• Bacon and Brie: Chunks of Brie / bacon or pancetta lardons
    • Cheesy pesto peas: Grated cheddar / peas / pesto
  • Handful of herbs – I used chives
  • Handful of cherry tomatoes, halved


  • Bake your potatoes in a 180C oven for about 1-2 hours depending on size. Need to hurry up? Microwave first for 10 mins then bake for about 20 mins.
  • When pretty much done, take out, slice in half and hold them in a towel, then scoop out filling.
  • Mash filling with whatever you like – I did 3 different types: sardine and chilli, cheesy pesto peas, bacon and brie. I also chucked in a few cherry toms, halved, and some fresh chives, snipped.
  • Pop under a hot grill until brown and bubbling.

Creamy porcini and thyme dauphinoise

This creamy bake will not disappoint. Porcini are dried mushrooms. They are a great store cupboard ingredient to have in. They add depth and an earthy flavour. I love them. No porcinis? Don’t fret, just leave ’em out. It’s still an absolute classic and couldn’t be easier.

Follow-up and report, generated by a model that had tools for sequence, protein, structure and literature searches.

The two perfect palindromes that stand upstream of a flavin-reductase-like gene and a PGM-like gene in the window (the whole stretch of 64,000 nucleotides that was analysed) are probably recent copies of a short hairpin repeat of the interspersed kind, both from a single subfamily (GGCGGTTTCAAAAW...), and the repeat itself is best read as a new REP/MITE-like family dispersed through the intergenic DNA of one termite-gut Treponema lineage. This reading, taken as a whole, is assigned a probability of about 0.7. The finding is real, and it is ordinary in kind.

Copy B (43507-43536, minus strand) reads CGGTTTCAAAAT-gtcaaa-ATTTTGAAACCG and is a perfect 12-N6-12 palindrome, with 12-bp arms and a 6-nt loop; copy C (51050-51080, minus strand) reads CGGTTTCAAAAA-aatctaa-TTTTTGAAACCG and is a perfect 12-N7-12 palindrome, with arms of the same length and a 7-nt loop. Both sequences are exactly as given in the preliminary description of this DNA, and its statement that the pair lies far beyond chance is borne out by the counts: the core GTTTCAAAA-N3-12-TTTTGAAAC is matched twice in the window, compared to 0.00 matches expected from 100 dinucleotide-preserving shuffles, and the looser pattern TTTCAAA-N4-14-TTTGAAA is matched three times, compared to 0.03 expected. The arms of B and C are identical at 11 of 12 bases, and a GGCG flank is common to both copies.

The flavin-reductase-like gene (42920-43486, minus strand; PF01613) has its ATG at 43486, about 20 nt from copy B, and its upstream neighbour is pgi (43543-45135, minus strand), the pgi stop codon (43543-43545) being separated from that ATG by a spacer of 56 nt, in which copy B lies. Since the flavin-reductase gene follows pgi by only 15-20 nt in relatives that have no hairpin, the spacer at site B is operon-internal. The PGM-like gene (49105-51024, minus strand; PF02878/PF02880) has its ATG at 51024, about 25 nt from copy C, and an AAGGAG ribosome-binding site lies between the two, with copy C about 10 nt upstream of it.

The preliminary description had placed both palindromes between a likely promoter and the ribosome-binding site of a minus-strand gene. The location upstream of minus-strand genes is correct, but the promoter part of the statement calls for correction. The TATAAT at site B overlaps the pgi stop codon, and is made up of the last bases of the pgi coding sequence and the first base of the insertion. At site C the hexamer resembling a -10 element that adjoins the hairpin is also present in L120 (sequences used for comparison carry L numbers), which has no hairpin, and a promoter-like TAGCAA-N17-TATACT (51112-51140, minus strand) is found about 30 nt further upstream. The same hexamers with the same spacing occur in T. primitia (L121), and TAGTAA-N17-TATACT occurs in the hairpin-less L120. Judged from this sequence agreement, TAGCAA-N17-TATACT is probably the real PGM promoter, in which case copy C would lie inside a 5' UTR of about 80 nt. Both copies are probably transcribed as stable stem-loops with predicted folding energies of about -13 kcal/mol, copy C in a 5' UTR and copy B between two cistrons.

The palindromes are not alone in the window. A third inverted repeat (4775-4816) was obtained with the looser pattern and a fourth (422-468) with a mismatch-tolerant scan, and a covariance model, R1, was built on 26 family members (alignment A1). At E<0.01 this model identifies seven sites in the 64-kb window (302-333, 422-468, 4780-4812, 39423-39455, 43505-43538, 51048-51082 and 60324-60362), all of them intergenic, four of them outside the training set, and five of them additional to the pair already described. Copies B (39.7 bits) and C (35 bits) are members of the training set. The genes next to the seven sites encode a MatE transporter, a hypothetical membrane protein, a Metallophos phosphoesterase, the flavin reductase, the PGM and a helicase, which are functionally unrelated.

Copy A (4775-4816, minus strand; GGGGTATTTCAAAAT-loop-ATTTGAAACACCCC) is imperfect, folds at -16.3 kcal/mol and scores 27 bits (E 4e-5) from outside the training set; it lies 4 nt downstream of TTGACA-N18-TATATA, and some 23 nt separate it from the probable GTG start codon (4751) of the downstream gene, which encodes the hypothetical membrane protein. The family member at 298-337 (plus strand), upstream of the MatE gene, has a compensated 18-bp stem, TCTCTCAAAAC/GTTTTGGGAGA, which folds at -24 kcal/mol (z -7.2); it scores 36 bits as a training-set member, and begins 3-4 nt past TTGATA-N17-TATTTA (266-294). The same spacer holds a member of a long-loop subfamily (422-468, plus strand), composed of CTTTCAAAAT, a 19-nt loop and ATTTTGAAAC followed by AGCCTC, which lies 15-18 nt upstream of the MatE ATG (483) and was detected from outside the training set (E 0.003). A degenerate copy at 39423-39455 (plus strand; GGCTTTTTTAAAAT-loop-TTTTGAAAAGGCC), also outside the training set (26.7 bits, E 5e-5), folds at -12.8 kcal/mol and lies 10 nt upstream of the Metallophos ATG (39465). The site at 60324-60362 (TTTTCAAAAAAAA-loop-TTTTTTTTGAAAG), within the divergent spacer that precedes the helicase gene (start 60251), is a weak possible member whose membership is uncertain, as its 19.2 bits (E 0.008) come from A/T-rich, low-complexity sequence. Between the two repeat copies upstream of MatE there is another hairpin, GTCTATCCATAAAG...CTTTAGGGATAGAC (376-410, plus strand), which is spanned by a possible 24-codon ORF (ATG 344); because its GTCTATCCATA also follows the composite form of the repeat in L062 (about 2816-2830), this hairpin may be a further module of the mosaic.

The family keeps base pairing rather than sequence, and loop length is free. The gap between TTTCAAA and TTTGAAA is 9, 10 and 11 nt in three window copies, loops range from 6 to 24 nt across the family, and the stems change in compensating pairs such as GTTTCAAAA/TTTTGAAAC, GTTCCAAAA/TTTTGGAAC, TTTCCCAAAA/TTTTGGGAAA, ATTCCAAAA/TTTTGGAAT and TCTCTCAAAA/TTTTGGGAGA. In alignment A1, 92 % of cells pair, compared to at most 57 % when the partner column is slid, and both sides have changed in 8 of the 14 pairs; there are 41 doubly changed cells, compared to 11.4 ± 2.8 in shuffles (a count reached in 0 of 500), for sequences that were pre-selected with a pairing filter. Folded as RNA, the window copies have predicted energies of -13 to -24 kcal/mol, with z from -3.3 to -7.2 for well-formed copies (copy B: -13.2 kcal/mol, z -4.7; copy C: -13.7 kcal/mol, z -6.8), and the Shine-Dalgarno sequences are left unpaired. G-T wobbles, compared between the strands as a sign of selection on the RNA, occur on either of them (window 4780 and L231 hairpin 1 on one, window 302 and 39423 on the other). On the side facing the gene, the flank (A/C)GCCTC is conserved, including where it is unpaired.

Serves: 4-6

Takes: 1 1/2 hours


  • Handful of porcini mushrooms
  • A splash of olive oil
  • 1 onion, sliced thinly
  • About a tablespoon of chopped garlic (I used frozen – a great emergency store cupboard to have in as we ran out!)
  • Handful of fresh or dried thyme
  • About 1 kg potatoes (I used red skin but any type is fine), unpeeled
  • About 500ml double cream


  • Preheat oven to 180C. Pop dried mushrooms in enough boiling water to cover and steep for about 20 mins. I use a mug for this.
  • Fry onion and garlic, plus thyme, in a little oil over a low-medium heat for a few mins until soft.
  • Squeeze out porcinis and chop roughly. Add to pan and fry off for a few mins.
  • Add the steeping juice (watch out if there’s a little bit of grit in the bottom of the cup – don’t include that) and ‘deglaze’ the pan, i.e. turn up heat and reduce a little for a few more mins.
  • Slice pots about 1/2cm width. Add potato slices and cream and stir well – you want everything coated equally. Arrange them nicely if you want but I just left mine and they sort of arranged themselves!
  • Bake for about 50 mins. Test with a skewer to see if it’s cooked.
  • We ate ours with sausages (kids insisted) and some salad, but this would be good just on its own – no meat required.

These recipes were developed on behalf of Seasonal Spuds.